based on the reference Unix implementation; see draft-barber-nntp-imp-07.txt for
3. A new command, ``mode reader'', is provided. This command will cause the server to
pass the connection on to nnrpd. The command ``mode query'' is intended for future
use, and is currently treated the same way.
4. The commands to support streaming transfer ``check messageid'' and ``takethis mes-
sageid'' are provided.
5. A batch transfer command ``xbatch byte-count'' is also provided. This command will
read byte-count bytes and store them for later processing by rnews(1) (which must
be started separately). See the programs innxbatch and sendxbatches.sh.
6. The only other commands implemented are ``head'' , ``help'' , ``ihave'' , ``quit''
, and ``stat''.
Innd modifies as few article headers as possible, although it could be better in this
The following headers, if present, are removed:
Empty headers and headers that consist of nothing but whitespace are also dropped.
The local site's name (as determined by the ``pathhost'' value in inn.conf(5)) and an
exclamation point are prepended to the Path header, if the first site's name in the header
is different from local one.
The Xref header is removed and a new one created.
The Lines header will be added if it is missing.
Innd does not rewrite incorrect headers. For example, it will not replace an incorrect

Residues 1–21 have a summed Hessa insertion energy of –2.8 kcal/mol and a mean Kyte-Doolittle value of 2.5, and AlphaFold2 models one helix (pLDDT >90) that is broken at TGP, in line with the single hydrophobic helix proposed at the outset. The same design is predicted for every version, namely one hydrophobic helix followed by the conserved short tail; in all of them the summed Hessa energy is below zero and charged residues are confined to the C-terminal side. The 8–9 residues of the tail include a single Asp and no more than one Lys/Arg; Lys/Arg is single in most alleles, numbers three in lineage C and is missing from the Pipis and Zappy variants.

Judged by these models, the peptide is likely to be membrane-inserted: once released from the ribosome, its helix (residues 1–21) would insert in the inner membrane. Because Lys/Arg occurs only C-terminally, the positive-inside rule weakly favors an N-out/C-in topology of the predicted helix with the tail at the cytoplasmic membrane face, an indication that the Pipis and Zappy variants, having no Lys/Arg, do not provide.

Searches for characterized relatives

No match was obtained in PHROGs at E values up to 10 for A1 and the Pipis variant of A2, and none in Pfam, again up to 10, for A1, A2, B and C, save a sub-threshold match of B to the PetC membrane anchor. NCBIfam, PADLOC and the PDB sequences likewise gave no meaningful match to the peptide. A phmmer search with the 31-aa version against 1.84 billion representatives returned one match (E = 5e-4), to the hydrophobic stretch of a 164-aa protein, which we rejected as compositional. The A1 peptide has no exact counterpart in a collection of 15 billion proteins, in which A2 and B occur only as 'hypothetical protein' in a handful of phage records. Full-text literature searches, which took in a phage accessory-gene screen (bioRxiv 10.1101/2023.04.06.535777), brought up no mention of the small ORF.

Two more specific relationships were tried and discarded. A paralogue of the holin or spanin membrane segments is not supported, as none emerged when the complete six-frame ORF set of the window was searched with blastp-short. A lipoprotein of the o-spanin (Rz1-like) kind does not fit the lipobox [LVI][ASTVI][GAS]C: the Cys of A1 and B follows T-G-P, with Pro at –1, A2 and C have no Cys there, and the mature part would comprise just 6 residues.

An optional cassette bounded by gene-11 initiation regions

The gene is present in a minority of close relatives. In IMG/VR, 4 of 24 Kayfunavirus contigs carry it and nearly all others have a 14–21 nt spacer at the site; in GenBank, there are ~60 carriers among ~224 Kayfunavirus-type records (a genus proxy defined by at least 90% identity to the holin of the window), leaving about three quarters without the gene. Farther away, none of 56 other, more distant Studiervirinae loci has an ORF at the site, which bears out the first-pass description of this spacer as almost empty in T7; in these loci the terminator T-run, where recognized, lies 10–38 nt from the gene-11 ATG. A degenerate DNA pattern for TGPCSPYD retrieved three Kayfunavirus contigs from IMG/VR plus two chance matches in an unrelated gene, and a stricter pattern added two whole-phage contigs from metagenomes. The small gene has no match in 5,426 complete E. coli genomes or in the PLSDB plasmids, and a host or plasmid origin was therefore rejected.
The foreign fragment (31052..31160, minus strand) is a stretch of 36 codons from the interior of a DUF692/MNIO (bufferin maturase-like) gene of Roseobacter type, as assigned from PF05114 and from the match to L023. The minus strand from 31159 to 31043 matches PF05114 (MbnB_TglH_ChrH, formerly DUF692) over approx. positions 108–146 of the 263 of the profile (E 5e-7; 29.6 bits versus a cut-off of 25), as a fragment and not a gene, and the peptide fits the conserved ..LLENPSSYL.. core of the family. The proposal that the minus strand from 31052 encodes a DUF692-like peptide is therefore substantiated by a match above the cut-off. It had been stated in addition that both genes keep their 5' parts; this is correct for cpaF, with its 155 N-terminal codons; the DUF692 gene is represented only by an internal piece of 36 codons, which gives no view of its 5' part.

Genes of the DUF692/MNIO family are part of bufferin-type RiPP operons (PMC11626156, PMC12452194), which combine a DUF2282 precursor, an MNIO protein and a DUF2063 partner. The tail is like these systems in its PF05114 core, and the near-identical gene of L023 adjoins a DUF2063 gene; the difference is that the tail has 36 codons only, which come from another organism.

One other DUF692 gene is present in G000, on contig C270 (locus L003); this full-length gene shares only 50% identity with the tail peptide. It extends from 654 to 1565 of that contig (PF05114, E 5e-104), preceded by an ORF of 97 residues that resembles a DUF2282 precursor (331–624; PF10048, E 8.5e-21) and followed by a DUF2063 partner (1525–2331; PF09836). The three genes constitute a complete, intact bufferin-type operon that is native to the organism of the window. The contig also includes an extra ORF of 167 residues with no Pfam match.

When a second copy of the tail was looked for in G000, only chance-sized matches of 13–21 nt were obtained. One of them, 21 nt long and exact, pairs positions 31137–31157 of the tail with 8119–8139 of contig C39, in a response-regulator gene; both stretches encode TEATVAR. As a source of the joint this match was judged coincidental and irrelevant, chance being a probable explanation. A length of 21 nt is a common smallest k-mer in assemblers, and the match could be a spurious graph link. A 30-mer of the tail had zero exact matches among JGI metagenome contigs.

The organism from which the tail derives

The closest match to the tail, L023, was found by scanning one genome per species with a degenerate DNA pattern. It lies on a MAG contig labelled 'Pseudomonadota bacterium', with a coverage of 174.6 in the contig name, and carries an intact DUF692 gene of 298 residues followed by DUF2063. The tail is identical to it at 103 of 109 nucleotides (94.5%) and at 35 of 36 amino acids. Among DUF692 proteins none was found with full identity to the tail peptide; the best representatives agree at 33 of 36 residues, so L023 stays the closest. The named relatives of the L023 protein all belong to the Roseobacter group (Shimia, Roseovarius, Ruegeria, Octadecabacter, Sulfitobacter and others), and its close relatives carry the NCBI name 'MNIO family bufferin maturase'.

Lines header, but will reject the article.
Innd reports all incoming articles in its log file. This is a text file with a variable
number of space-separated fields in one of the following formats:
mon dd hh:mm:ss.mmm + feed <Message-ID> site...
mon dd hh:mm:ss.mmm j feed <Message-ID> site...
mon dd hh:mm:ss.mmm c feed <Message-ID> site...
mon dd hh:mm:ss.mmm - feed <Message-ID> reason...
mon dd hh:mm:ss.mmm ? feed <Message-ID> reason...
There can also be a hostname and size field after the Message-ID depending on the ``nnt-
plinklog'' and ``logsize'' options in inn.conf(5)
The first three fields are the date and time to millisecond resolution. The fifth field
is the site that sent the article (based on the Path header) and the sixth field is the
article's Message-ID; they will be a question mark if the information is not available.
The fourth field indicates whether the article was accepted or not. If it is a plus sign,
then the article was accepted. If it is the letter ``j'' then the article was accepted,
but all of newsgroups have an ``j'' in their active field, so the article was filed into
the ``junk'' newsgroup. If the fourth field is the letter ``c'', then a cancel message